It’s tax time again, which means that most people are gathering their documentation and counting their deductions. However, many people, homeowners, and investment property owners especially, don’t realize that they could be saving much more money than they are currently. Property owners are afforded all sorts of tax breaks and incentives that can sometimes be overlooked by those who are not 'in the know.' In many cases, employing the help of a CPA rather than doing your taxes yourself can garner a much larger tax return. We caught up with Brandon Hall from The Real Estate CPA to learn a little bit more about homeowner tax advantages, investor tax incentives, and why employing a CPA is a smart move.
Now, you might be wondering, why are there tax incentives for property owners anyway?
Back in the day, Congress decided it would be a good idea for US citizens to own homes. The best way to encourage citizens to do anything is through tax modifications. So, Congress decided to incentivize home purchases by re-writing the tax code to allow for deductions related to you your property. The most well-known of which are the mortgage interest deduction and real estate property taxes.
"The main tax breaks homeowners benefit from are the real estate property tax deduction and the mortgage interest deduction,” says Hall. “However, proposals in congress are currently set to eliminate certain itemized deductions. These deductions are advantageous because they reduce the cost burden of owning a home. If we get rid of these deductions, we may see a decline in home ownership.” If you’d like to delve deeper into the possibility and effect of the proposal, Forbes has an informative article you can read.
Currently, homeowners are allowed a deduction equal to the interest paid on their residential mortgages, meaning taxpayers save an amount equal to the mortgage interest paid multiplied by their marginal tax rate. This means a taxpayer in the 25 percent bracket who paid $10,000 in mortgage interest would save $2,500 in taxes. “Homeowners can also deduct Private Mortgage Insurance (PMI) though there are certain rules regarding how much you can deduct and the timing of the deduction,” continues Hall. “Homeowners can also qualify for a tax credit for qualified energy properties. So, if you were to put solar panels on your roof, you can receive a tax credit for 30% of the cost. However, this credit will be phasing out and eliminated over the next few years.”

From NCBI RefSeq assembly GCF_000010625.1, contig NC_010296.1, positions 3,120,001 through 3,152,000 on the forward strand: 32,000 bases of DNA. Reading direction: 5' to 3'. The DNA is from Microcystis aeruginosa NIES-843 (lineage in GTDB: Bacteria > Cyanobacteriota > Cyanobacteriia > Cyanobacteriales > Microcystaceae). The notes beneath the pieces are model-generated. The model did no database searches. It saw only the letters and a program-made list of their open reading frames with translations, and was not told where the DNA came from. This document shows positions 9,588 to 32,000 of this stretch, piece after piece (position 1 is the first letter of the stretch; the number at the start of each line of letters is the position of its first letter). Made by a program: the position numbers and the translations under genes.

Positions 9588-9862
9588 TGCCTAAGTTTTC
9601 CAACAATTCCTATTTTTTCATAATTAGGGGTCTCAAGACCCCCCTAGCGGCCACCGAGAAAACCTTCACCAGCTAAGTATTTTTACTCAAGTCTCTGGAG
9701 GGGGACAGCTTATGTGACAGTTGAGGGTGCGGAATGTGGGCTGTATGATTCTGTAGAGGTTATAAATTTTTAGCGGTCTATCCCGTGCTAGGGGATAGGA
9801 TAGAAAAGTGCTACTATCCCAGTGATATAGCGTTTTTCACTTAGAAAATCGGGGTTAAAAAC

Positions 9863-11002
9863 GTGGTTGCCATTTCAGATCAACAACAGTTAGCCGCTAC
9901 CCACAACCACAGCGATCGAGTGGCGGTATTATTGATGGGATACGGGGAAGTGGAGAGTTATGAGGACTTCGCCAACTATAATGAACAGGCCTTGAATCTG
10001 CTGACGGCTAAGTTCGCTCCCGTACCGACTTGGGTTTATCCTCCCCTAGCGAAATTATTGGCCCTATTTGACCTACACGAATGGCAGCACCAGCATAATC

While the energy credit is always a stretch, if you can benefit from it (i.e. improving your home with energy savers will substantially raise your home value) then you should jump on this.
For clarification, you would receive a tax credit, not a tax deduction. “A tax credit is much different than a tax deduction,” advises Hall. “For example, a $10,000 tax credit directly offsets your tax bill by $10,000. By contrast, a $10,000 tax deduction reduces your tax bill only slightly. To calculate how a tax deduction affects your overall tax position, you multiply the deduction by your marginal tax rate. So, if you are in the 25% marginal tax bracket, and you have a $10,000 tax deduction, you will save $2,500 in taxes. As you can see, a tax credit is much more powerful.”
Homeowners aren’t the only ones who get massive tax incentives, investment property owners enjoy huge savings as well. “Investors enjoy many more tax advantages than homeowners who live in their homes. For instance, rental property owners can deduct homeowners insurance costs, legal fees, accounting fees, advertising, utilities, repairs and maintenance, landscaping, travel, transportation, meals and entertainment, office supplies and equipment, education costs, subscriptions, and cell phone expenses,” continues Hall. “Essentially, a rental property owner is seen as owning a business and enjoys many of the same deductions that business owners are allowed to take.”